Keeping Agency Information Secure in an Era of New Computing and Risks

The cloud computing evolution is well entrenched, and has made significant changes to how organizations share, sync, edit, create and collaborate-on content. However, this computing revolution is a double-edged sword. There are benefits—increased computing power, ease-of-use, and new flexibility in the case of cloud computing. However, these new features and benefits also bring new difficulties and risks. The security risks alone are enough to make any government agency cringe.

For IT departments, these new risks typically emerge as security vulnerabilities. Attackers are quick to exploit design flaws or architectural weaknesses that can be used to steal data, sabotage networks, or siphon funds. Over time, vendors and customers discover these flaws and weaknesses—usually the hard way, by discovering that they have been exploited—and fix them.

For government agencies, the race to contain new threats is definitely on. New cloud risks are sweeping through departments as mobile devices emerge as the computing form factor of choice for federal workers. Employees are not just bringing a single device to work, either. A recent survey by iPass found that the typical mobile worker now carries 3.5 mobile devices, which might include any combination of smartphones, laptops, and tablets.

Recognizing that employees love their devices and won’t leave them home, a number of agencies have formally adopted BYOD policies, and the Federal CIO Council created a mobile computing decision framework, to support agencies who were looking to introduce this new technology into their workflow. Employees can now store business data and do work on their own mobile devices, rather than just on those officially provisioned by their company.

So what does this mean for the teams and administrators responsible for network security?

New Security Risks
To assess the risks of cloud computing, we need to consider everything from data contamination to user habits to the activities of criminal syndicates. The blurring of personal and business computing is creating special challenges for government agencies, such as:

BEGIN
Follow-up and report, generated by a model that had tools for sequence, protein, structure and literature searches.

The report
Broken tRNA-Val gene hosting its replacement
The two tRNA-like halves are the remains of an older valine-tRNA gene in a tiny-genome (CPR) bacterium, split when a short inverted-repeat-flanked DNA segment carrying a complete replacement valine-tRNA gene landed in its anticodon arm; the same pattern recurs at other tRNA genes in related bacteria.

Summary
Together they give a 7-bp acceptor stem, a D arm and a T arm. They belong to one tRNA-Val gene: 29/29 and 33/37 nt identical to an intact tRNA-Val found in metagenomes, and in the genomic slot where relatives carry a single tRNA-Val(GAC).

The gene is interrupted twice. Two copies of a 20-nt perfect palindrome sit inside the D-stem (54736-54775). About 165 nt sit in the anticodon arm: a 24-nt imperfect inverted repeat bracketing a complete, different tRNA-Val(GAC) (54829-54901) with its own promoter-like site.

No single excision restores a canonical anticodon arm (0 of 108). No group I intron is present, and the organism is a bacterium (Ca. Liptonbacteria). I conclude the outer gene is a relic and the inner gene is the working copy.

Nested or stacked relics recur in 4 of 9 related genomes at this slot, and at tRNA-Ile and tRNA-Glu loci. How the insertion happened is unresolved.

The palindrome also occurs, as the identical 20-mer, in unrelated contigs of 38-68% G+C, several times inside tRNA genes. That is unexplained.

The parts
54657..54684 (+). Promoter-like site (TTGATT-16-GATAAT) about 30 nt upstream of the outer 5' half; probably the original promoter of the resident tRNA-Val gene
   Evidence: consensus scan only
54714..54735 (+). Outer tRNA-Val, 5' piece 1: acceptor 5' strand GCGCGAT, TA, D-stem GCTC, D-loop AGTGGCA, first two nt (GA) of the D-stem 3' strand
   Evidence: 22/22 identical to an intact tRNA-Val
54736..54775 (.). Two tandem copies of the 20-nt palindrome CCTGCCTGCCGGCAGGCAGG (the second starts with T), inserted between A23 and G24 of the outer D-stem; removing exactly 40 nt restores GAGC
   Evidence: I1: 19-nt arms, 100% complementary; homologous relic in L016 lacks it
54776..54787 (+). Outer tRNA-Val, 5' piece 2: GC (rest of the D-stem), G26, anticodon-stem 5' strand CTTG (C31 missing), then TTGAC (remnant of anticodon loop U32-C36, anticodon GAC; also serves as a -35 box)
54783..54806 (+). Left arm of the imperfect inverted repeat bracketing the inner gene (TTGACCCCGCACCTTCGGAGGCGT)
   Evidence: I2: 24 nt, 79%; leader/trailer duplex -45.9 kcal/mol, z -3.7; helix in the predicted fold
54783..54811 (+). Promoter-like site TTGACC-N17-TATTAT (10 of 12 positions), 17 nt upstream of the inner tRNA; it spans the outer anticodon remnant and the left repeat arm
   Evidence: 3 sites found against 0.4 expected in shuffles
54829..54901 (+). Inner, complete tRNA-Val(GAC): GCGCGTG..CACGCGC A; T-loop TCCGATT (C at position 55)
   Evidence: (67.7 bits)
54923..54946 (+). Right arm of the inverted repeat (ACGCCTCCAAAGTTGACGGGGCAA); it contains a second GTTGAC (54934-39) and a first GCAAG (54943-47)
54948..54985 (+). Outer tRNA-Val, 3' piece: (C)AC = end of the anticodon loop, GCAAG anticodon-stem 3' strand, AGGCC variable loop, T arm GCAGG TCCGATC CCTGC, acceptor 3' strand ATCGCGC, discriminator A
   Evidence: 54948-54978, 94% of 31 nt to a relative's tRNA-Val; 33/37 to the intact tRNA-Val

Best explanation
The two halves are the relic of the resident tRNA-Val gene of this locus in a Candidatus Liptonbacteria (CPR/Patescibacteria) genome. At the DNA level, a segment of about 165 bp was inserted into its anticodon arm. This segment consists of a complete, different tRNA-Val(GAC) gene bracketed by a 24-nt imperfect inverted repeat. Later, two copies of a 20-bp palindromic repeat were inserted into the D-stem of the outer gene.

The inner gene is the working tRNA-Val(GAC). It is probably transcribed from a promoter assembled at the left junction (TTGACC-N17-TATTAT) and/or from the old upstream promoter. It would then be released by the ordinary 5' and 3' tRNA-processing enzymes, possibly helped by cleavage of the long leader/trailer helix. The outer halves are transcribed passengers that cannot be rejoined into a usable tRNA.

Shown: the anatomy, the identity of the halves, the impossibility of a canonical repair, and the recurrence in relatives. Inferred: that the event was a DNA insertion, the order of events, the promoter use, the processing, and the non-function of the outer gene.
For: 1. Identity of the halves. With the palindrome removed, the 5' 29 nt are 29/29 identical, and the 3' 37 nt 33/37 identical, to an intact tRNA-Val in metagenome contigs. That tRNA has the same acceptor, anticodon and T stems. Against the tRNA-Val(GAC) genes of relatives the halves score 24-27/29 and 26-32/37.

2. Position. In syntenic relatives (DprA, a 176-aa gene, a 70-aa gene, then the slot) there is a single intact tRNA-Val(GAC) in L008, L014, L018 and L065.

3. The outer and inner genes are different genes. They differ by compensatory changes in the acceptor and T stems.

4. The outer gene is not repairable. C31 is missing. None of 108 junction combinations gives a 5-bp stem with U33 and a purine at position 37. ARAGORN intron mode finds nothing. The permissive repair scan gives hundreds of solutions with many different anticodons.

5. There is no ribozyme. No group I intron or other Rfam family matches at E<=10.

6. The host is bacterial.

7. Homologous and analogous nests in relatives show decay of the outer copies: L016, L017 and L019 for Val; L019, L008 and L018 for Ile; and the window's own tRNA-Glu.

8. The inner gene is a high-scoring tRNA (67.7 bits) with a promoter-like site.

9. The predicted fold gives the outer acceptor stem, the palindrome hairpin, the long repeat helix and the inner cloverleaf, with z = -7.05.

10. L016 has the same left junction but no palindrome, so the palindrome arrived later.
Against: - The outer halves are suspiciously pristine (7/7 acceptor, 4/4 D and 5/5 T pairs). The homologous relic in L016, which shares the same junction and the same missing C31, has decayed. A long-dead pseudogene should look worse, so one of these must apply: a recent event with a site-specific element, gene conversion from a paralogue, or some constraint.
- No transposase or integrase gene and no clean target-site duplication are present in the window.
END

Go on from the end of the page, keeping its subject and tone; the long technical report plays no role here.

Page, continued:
Security as an Afterthought
Consumer devices like iPads were not designed with rigorous data security in mind. Many mobile devices either lack advanced security features or have them disabled by default. Even basic features such as screen locks are turned off, and most users leave them that way. And if a laptop is brought from home by an employee, it will also not have the rigorous security settings that an agency device would have, introducing the risk of data leakage or hacking into the agency network.

Data Contamination
Today, an employee’s vacation photos are likely to reside on a smartphone or tablet that the employee brings also uses for work. The photos, and other content, share storage space along with confidential business data when the employee logs into agency networks. Never before has personal data mixed so freely and casually with business information.

This combining of data introduces new risks to the enterprise. Through carelessly configured back-ups or file copies, personal content might accidentally end up on corporate file servers. Worse, personal files that contain malware might spread to business files and from the mobile device to internal file servers and other enterprise assets.

New Forms of Malware
New forms of malware targeting devices are on the rise, especially for mobile. IBM predicts that mobile malware will grow 15% annually for the next few years. Hackers and criminal syndicates realize that most mobile devices are less secure than more traditional devices like laptops. They have begun targeting mobile devices for attacks ranging from mischievous pranks to advanced persistent threats that stealthily copy internal data over many months, transmitting it to remote control centers on the world.

Phishing Attacks
Employees routinely catch up on email and work on evenings and weekends, and when they do, they typically use personal devices. Realizing that most of these devices lack AV software and that most email and Web traffic accessed remotely bypasses avoids inspection by firewalls and gateways, attackers are now designing phishing attacks and other email exploits to be triggered during non-business hours.